Lehmann takes a pop at McCullum

Having observed Brendon McCullum's destruction of England in Wellington, Darren Lehmann challenged him to repeat the trick against Australia's higher velocity attack

Daniel Brettig
Daniel Brettig
Darren Lehmann said Brendon McCullum might not find attacking so easy against Australia's fast bowlers  •  Getty Images

Darren Lehmann said Brendon McCullum might not find attacking so easy against Australia's fast bowlers  •  Getty Images

Australia's coach Darren Lehmann has fired a shot across the bows of the New Zealand captain Brendon McCullum, while at the same time admitting Brisbane's rain will force significant changes to the team's preparation for a pivotal World Cup encounter between the co-hosts in Auckland.
With the exception of a washed out Champions Trophy encounter in 2013, Australia and New Zealand have not met in an ODI since the 2011 World Cup, leaving plenty of water to pass under the bridge since, including McCullum's emergence as one of the world's most feared top-order aggressors and the Kiwis' evolution into a major threat.
Having observed McCullum's destruction of England in Wellington, Lehmann challenged the former wicketkeeper to repeat the trick against Australia's higher velocity attack at Eden Park. He noted the difference between the speeds of Stuart Broad, Steven Finn and James Anderson and those of Mitchell Johnson, Mitchell Starc and Pat Cummins.
"He does hit them a long way, doesn't he?" Lehmann told Adelaide radio station 5AA on Friday night. "He took the game on and he certainly does that, he plays a high-risk game, but there's a bit of a difference between 135kph and 145 to 150kph coming at him. It'll be a great challenge for both sides, he's going to certainly come at us and we've got some plans for him.
"It's going to be exciting - New Zealand have been very impressive. It's going to be interesting to see how they play against us, I'm sure they'll be really aggressive, so it's going to be a cracker game."
Brisbane was exposed to the fringes of tropical cyclone Marcia, meaning there never really seemed to be a possibility of a match against Bangladesh emerging from the murk. This means that by the time Michael Clarke walks out to toss the coin against McCullum in Auckland, the Australians will have gone two weeks between games. Even before knowing the washout would transpire, Lehmann flagged the likelihood of some kind of practice match to try to compensate.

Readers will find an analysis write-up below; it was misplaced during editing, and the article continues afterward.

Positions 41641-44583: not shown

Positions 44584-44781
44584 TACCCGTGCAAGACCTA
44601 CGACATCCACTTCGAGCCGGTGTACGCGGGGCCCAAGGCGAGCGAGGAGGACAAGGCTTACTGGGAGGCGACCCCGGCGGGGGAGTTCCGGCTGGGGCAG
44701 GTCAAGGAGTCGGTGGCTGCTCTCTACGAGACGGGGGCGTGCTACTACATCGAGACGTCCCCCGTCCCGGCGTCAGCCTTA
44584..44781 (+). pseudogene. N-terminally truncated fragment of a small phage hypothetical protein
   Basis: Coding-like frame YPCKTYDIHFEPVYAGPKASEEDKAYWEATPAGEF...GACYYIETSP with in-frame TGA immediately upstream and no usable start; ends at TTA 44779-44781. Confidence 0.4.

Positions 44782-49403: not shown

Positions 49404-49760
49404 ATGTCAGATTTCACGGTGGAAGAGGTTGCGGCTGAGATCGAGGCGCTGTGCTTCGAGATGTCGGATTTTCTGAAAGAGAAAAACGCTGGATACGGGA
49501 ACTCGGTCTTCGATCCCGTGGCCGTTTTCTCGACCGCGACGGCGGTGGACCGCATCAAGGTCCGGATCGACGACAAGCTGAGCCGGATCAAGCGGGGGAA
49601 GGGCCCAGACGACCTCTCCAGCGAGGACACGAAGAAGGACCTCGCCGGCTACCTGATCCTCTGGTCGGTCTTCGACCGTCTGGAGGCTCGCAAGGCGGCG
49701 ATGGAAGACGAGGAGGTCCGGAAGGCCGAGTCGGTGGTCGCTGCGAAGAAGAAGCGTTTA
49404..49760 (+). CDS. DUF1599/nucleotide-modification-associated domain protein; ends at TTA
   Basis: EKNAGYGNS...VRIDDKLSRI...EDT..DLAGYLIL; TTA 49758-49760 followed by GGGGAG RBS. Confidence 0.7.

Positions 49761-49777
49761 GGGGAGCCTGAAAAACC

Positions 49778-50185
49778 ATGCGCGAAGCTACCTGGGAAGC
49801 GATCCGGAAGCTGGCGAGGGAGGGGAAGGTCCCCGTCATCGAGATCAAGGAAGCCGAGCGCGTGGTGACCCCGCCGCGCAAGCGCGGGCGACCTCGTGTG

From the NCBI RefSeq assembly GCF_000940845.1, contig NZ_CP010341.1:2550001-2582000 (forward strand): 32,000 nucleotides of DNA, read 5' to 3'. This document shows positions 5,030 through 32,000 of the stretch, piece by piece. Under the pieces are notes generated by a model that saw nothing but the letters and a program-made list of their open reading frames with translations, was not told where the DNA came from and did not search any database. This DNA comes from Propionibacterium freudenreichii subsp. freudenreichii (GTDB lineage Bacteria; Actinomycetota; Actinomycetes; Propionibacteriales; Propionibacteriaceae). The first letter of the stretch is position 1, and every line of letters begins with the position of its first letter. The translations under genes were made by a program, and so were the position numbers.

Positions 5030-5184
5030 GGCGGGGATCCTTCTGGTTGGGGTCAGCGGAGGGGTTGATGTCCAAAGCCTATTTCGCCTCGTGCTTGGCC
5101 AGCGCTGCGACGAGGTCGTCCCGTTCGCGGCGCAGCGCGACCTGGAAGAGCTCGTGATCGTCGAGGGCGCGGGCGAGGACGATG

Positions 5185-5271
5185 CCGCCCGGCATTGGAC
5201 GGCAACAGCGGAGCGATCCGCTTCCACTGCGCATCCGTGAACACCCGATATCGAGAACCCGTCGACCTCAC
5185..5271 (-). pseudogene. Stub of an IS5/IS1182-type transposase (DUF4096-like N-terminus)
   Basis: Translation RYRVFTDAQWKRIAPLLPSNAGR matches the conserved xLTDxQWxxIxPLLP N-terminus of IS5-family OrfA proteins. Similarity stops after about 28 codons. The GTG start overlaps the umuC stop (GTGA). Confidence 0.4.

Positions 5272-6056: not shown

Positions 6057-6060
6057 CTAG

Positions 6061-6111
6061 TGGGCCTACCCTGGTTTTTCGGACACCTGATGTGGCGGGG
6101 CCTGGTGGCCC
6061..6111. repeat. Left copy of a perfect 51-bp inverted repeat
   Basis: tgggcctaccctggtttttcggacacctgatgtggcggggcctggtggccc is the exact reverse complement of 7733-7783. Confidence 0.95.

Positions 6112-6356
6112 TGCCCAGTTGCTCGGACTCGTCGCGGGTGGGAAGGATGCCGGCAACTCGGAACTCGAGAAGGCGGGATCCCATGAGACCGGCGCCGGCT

"We'll probably have to," he said. "We'll get to New Zealand on Sunday regardless of what happens here, then try to replicate something like match conditions early in the week, which will give us an extra couple of sessions leading into a game.
"Obviously they're playing really well, blew England away and they're a pretty good side. We're good to go for the [Brisbane] game, but if it rains again tomorrow and then we get to New Zealand it is a few days without outdoor competitive cricket, so we'll have to change it around."
Lehmann also expressed some interest in the way England's Cup campaign appears to have unravelled, and he reached a familiar conclusion as to the reasons why. Namely, Lehmann felt that the team of Eoin Morgan and Peter Moores looked too scared of making mistakes rather than showing initiative.
"England looked like they were lacking a bit of confidence, they won the toss and really didn't try to take the game on," Lehmann said of the Wellington result.
"I don't think they are that bad. I just think they're not backing themselves or having any confidence in themselves to play the game, and that can happen in any format of any sport. Sometimes you've just got to have a crack and take the game on and I probably think they're not doing that."

Daniel Brettig is an assistant editor at ESPNcricinfo. @danbrettig